Thousand Cankers Disease Discovered in East Tennessee

Thursday, August 05, 2010 | 12:02 pm
A black walnut tree branch infected with Thousand Cankers Disease.
A black walnut tree branch infected with Thousand Cankers Disease.
NASHVILLE – The Tennessee Department of Agriculture today announced the discovery of Thousand Cankers Disease (TCD), the first detection of the destructive tree pest east of the Mississippi River. The discovery was made in July by a TDA forester.    
“The discovery of TCD in Tennessee is unexpected, but we’re prepared to help slow the spread of the infestation and protect our forest resources.” said state Agriculture Commissioner Ken Givens. “We will be working closely with stakeholders to determine the extent of the infestation and to take steps to limit its spread.”
TCD is a progressive disease that kills a tree within two to three years after initial infection. The disease-causing fungus, Geosmithia, is transmitted by a small twig beetle. Branches and trunk tissue are killed by repeated infections by the fungus, as the beetles carry the fungus into new bark.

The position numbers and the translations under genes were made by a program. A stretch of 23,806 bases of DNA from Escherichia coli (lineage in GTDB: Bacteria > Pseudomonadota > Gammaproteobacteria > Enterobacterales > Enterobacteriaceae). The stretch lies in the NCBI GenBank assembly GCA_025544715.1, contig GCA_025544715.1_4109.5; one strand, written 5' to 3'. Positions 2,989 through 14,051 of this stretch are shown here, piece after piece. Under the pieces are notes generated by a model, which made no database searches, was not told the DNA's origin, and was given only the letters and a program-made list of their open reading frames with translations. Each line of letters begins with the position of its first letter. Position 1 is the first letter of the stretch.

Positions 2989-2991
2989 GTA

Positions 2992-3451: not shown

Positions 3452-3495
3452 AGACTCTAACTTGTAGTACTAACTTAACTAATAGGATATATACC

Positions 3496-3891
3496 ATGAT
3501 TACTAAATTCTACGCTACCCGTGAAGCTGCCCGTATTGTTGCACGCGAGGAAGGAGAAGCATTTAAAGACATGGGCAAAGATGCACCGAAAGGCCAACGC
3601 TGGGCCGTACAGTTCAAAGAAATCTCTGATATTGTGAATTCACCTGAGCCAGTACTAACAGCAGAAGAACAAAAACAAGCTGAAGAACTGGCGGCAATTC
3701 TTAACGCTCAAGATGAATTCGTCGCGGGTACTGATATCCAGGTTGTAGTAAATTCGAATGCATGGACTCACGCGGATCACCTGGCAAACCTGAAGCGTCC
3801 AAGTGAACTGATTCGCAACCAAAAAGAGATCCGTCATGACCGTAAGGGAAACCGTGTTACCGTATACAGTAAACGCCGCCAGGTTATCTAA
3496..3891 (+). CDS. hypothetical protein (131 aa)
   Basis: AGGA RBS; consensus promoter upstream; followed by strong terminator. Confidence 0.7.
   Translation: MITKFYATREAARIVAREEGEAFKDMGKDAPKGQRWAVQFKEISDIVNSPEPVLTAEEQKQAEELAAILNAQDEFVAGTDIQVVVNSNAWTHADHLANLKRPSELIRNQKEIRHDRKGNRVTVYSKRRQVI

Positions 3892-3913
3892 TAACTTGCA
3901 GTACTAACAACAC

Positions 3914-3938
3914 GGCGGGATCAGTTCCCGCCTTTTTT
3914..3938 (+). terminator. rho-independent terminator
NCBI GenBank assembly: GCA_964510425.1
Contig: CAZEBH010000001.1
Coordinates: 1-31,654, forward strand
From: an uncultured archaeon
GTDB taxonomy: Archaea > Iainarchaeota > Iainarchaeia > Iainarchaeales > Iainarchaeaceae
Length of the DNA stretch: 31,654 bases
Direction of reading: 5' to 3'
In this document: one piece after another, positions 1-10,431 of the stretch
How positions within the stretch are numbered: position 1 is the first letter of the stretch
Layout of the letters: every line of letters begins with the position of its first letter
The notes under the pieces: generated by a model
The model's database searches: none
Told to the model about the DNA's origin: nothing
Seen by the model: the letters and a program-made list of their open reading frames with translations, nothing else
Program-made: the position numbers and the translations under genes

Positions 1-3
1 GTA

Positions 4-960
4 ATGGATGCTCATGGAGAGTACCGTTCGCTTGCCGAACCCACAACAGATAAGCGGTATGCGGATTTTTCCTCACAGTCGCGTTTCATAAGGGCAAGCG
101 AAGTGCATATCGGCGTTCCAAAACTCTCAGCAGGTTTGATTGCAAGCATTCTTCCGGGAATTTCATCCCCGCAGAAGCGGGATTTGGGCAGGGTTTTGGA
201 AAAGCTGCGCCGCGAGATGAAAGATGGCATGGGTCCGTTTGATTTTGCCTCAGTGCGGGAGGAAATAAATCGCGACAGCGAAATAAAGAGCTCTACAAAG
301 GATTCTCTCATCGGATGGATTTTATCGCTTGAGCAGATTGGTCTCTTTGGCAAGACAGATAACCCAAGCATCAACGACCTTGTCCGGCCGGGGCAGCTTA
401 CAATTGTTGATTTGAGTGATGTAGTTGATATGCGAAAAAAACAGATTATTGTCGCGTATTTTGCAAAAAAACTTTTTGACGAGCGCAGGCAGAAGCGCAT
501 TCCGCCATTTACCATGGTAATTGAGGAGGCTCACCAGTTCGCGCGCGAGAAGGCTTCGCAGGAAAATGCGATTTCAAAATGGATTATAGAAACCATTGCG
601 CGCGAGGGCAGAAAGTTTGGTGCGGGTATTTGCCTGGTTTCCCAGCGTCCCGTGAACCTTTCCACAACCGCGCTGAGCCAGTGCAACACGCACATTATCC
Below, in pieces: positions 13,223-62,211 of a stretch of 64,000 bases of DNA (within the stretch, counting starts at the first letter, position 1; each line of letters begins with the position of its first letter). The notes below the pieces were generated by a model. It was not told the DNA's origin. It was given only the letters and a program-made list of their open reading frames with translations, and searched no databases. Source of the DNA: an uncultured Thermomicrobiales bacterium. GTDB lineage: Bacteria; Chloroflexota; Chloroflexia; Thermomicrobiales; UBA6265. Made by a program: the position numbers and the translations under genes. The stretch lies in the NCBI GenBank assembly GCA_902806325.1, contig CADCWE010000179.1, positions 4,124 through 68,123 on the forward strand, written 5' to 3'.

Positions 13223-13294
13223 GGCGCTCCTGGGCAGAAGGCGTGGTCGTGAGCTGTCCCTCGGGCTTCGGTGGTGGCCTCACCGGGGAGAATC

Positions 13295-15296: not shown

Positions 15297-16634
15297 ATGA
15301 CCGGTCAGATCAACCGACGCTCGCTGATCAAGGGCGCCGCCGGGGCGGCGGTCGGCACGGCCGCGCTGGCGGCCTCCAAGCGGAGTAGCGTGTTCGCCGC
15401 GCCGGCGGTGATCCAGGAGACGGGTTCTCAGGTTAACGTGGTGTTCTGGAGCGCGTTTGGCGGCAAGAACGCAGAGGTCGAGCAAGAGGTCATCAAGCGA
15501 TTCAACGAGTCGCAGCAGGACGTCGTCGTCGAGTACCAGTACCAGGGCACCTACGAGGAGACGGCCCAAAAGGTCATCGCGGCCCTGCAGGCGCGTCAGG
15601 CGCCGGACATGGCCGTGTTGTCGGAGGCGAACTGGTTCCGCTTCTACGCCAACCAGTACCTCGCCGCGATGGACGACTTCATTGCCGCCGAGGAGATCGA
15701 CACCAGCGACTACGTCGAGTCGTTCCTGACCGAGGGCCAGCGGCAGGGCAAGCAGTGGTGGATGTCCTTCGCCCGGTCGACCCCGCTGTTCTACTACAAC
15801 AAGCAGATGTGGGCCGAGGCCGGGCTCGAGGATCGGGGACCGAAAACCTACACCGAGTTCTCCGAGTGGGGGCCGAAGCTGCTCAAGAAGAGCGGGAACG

The TCD discovery comes a week after emerald ash borer (EAB) was found. Both TCD and EAB have the potential to cause significant damage to Tennessee forests. It is imperative that citizens work to prevent the spread of both.
In response to the find, TDA plans to issue a quarantine in Knox county prohibiting the movement of firewood and black walnut nursery stock and limiting the movement of  black walnut timber and other material that can spread TCD. TDA plant inspectors and foresters will conduct a thorough survey of trees in the areas to assess the extent of the infestation and to see if more quarantines are warranted.
The Tennessee Department of Agriculture Division of Forestry estimates that 1.38 million black walnut trees in Tennessee’s urban areas are potentially at risk from TCD. The risk represents an estimated value loss of $1.37 billion. There are an estimated 26 million black walnut trees on Tennessee public and private timberland potentially valued as high as $1.47 billion. 
TDA officials urge area residents and visitors to help prevent the spread of TCD and EAB:
  • Don’t transport firewood, even within Tennessee. Don’t bring firewood along for camping trips. Buy the wood you need from a local source. Don’t bring wood home with you.
  • Don’t buy or move firewood from outside the state. If someone comes to your door selling firewood, ask them about the source, and don’t buy wood from outside the state. 
  •  Watch for signs of infestation in your black walnut trees. If you suspect your black walnut tree could be infested with TCD, visit for an online symptoms checklist and report form or call TDA’s Regulatory Services Division at 1-800-628-2631.

 For more information about other programs and services of the Tennessee Department of Agriculture visit .

A black walnut tree branch infected with Thousand Cankers Disease.97.87 KB
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